Insiders who've written about America's ruling class are usually of two types. One includes rebels like Frederick Vanderbilt Field, who described his journey from a Fifth Avenue mansion to the Communist Party in his "From Right to Left," or Bill Ayers, son of the chief executive of Commonwealth Edison, who penned various manifestoes against corporate America before joining the Weather Underground. The other includes writers like J. P. Marquand or Louis Auchincloss, who have sensitively sketched various corners of the old-money world, but who accept its basic values.
At first glance, Nelson W. Aldrich Jr. seems to fall into the second category. His "Old Money" is dedicated to, among others, his great-grandfather, a U.S. Senator whose small grocery business turned into a $12-million fortune, including a 99-room chateau, thanks to the 30 years he spent doing legislative favors for the Rockefeller and Morgan interests.
And the book ends--oddly, for the author tells us almost nothing of his parents--with the eulogy Aldrich gave at his father's funeral.
In between, Aldrich's voice is that of someone in a comfortable leather armchair, telling a story during a long evening over brandy and cigars at an elegant New York or Boston club--a men's club, definitely, for few women appear in these pages. His narrative meanders leisurely; many characters in it are his own friends or relatives, like Nelson Rockefeller. He draws anecdotes and portraits from interviews, a wide range of memoirs and that classic upper-class gazette, the prep school newsletter:
"One of my St. Paul's School alumni bulletins . . . contains an intriguing item about Allan MacDougal . . . who was reported to be sailing in the South Pacific aboard his 48-foot German Frers design ketch. He expects to cruise New Zealand waters early in 1987 and then head for Australia, where he may work for a few years. I must confess that my careless Old Money heart lifts in joy whenever I read this sort of notice. I feel reassured that there are still men and women gallant enough and true who dare ask whether some forms of work are better not done at all. . . ."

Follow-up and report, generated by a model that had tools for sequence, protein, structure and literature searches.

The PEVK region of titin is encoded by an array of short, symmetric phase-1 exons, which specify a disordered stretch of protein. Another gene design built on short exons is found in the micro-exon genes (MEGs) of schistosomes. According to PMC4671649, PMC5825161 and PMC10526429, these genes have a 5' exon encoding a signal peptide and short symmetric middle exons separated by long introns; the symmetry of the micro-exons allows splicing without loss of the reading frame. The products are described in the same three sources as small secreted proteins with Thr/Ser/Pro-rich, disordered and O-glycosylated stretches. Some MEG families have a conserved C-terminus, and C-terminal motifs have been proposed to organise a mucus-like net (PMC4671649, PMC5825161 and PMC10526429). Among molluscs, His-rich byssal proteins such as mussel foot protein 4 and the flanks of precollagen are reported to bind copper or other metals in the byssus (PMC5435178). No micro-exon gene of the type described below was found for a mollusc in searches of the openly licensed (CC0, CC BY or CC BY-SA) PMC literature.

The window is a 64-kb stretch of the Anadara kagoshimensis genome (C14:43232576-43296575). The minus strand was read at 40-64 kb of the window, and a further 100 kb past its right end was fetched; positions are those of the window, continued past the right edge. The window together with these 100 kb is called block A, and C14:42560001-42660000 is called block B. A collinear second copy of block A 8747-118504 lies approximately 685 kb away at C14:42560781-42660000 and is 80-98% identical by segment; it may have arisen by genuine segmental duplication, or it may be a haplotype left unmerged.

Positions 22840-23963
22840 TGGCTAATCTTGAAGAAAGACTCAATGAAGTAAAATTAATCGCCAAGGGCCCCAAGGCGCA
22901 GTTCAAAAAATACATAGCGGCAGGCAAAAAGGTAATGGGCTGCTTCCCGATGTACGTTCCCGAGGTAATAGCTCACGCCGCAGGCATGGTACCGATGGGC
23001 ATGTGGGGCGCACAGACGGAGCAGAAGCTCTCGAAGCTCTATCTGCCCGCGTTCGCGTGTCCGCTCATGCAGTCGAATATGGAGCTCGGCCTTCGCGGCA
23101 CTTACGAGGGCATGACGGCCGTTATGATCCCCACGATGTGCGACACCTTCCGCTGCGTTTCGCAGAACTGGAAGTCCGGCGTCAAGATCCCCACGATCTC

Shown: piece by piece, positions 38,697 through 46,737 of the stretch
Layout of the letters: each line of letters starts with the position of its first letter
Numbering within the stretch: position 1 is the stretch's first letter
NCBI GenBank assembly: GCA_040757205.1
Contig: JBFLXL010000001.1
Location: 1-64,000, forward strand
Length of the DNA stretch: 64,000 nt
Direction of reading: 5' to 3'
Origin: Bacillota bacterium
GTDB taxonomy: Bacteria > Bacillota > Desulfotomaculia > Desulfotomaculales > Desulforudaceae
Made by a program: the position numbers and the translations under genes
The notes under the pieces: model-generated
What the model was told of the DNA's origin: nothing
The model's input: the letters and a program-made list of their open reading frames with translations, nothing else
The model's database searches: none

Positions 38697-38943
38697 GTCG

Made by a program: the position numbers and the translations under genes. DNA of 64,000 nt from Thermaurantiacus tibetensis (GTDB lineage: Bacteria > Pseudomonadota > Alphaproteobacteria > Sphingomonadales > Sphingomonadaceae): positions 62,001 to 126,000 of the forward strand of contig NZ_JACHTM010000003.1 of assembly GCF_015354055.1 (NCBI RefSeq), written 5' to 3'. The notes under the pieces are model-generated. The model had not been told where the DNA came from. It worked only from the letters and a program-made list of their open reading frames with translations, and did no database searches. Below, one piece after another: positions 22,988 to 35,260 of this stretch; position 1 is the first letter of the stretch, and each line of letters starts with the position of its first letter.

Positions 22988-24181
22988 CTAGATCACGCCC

Do not be deceived, though, by this friendly wave of Aldrich's cigar. For beneath his almost studied casualness is as thoughtful a psychological portrait of America's aristocracy as we have.
In one chapter, for example, he brilliantly synthesizes a century and a half of material about how the sons of the rich deliberately put themselves through certain "ordeals" to prove their manhood. One classic ordeal is, of course, war--Teddy Roosevelt on San Juan Hill, Jack Kennedy on PT-109. Another, more carefully controlled ordeal is prep school. And a third is braving nature, where Aldrich shows us the long thread that connects the 19th-Century Wild West journeys of aristocrats Francis Parkman and Owen Wister with William F. Buckley's celebration of transatlantic yacht racing today. (And, he might have added with heavy upper class patronage, of wilderness survival schools like Outward Bound.)
Aldrich is also a shrewd analyst of ruling class styles in philanthropy. He looks at the vogue for endowing museums, for collecting Old World art, and for preserving New World nature--through the privatized mini-national park systems of patrician organizations like the Maine Islands Preservation Trust or the Nature Conservancy. What all these pursuits have in common is the notion of trusteeship: "Hidden away in the upper class's special claim to trusteeship," Aldrich says, "is the secret conviction that the best caretakers of priceless things are priceless people--people who are in some sense the social equals of the things they've been charged to preserve."
Only two things annoy me about "Old Money." One is that Aldrich's style is, like a men's club armchair, a bit overstuffed, abounding with words like catamites, synecdochic, prelapsarian and salvific. He also has a quirky liking for the word invidious and its derivatives, which appear on nearly every page. And he never misses a chance to use Latin, Greek or French-- virtu, tyche, agon, optique, particule-- when plain English would do.
The book's other flaw is a cavalier vagueness about detail. Aldrich never bothers to tell us how he defines the upper class. How many generations does Money have to be in the family to become Old? Are we talking about 10,000 people or 100,000? And when he casually mentions that Reaganite New Money has taken revenge on Old Money by changing the laws allowing intergenerational trusts, he is wrong. For newly relaxed gift tax laws and absurdly lightened income taxes make it easy for the possessors of both Old and New Money to pass just as much of it on to their children as before.
Such details, however, have never been something the American rich liked to discuss openly. Indeed, one of the few upper class mores Aldrich doesn't mention is the habit of drawing an artful smoke screen of vagueness over talk of money itself. Is this not a crucial tool that has allowed so much wealth, unearned and untaxed, to be passed down through the generations without the public protest that it deserves?